You can find more information on transits of Venus at
The simple example which follows is intended only to give you a flavor for the method; real astronomers in the eighteenth and nineteenth centuries included a host of complications and subtleties in their observations, measurements and analysis.
In the most basic terms, a transit of Venus permits scientists on Earth to draw a big triangle in the sky:
All information in this diagram has been ruthlessly altered for clarity.
People at different locations on Earth will see Venus move across the Sun's disk on slightly different paths.
The difference in apparent paths is so-o-o-o exaggerated in this diagram ....
So, in theory, finding the distance between the Earth and Sun -- the "solar parallax" -- is pretty simple:
Your job will be to observe the transit on a computer, using a planetarium program to simulate the view from two different locations on Earth. You should end up with two different pictures of Venus, taken simultaneously, which show a small displacement in its appearance relative to the Sun.
Once you've found the time of third contact, make an observation by printing a picture of the screen: go to the File -> Print menu.
Congratulations! You have succeeded in making one of the two crucial measurements.
The next step is to observe the same event from a different location on Earth. Let's pick Quito, Ecuador, which is very nearly due south of Harrisburg and Gettysburg.
Now you have two simultaneous measurements from two locations on Earth!
Just how large is the apparent shift in the position of Venus? This shift is called the "parallax angle", or "parallax" for short. Because Quito is nearly due south of Harrisburg, the shift in Venus' position should be nearly due north/south (which will simplify the analysis).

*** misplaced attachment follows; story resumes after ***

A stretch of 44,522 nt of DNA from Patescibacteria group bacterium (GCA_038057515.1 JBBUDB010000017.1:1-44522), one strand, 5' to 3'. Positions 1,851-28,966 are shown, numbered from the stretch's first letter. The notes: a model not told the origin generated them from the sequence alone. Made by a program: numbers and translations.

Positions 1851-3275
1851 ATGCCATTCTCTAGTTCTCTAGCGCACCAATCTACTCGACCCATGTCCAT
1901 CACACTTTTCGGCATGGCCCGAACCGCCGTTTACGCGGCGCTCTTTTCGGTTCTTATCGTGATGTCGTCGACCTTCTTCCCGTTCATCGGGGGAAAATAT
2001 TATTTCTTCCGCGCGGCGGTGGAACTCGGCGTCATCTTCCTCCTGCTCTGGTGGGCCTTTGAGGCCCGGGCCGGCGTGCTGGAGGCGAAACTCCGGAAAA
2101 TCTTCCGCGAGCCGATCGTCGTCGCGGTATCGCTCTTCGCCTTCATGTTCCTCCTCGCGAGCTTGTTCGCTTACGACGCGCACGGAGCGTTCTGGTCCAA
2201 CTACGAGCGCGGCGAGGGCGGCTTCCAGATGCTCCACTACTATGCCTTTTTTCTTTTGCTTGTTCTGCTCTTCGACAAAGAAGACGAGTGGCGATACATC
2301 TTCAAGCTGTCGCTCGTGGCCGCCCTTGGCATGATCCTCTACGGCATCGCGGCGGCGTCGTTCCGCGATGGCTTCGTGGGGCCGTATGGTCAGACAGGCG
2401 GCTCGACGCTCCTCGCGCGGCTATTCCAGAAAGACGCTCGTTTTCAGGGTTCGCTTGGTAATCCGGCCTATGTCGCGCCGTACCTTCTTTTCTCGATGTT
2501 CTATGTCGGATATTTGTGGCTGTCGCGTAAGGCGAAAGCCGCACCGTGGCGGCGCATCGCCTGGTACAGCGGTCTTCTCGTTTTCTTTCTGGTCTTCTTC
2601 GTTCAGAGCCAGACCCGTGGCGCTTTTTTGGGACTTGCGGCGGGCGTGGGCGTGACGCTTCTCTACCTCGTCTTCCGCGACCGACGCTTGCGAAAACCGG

Your printouts may show many stars in addition to Venus and the Sun, but those didn't appear in real photographs, of course. To be fair to astronomers of yore, use the Sun as the only point of reference. On this date, it has a diameter of just over half a degree. To be precise, the diameter of the Sun during this transit is 1891 arcseconds. There are 60 arcseconds in one arcminute, and 60 arcminutes in one degree, which means 3600 arcseconds in one degree. Astronomers use arcseconds to measure small angles; it's more convenient to write "10 arcseconds" than "0.00277 degrees."
You have measured the parallax angle theta. If you can figure out the baseline distance d between the two locations on Earth, then you can use trigonometry to find the distance between Venus and Earth.
So, what is the distance d between Quito and Harrisburg?
Okay, so you have the distance d. How can that help you find the Earth-Venus distance? If the triangle defined by the parallax angle theta were a right triangle, it would be easy; but, alas, it's an isoceles triangle, not a right triangle. What can you do?
Great! Now use your trig skills. What is the distance between Earth and Venus?
At this point, you know the distance between Venus and Earth during the transit; but what we really want is the Astronomical Unit: the distance between the Earth and Sun. As you may recall, Kepler and other astronomers had figured out the relative sizes of the planetary orbits:
Planet Orbital period Orbital semi-major axis (years) (AU) ---------------------------------------------------- Mercury 0.241 0.387 Venus 0.615 0.723 Earth 1.0 1.0 Mars 1.88 1.52 Jupiter 11.86 5.20 Saturn 29.46 9.55 ----------------------------------------------------
Please don't forget that we've left out most of the nitty-gritty details in this very simple calculation. If you're within 10 percent of the real value, you've done a good job.
Copyright © Michael Richmond. This work is licensed under a Creative Commons License.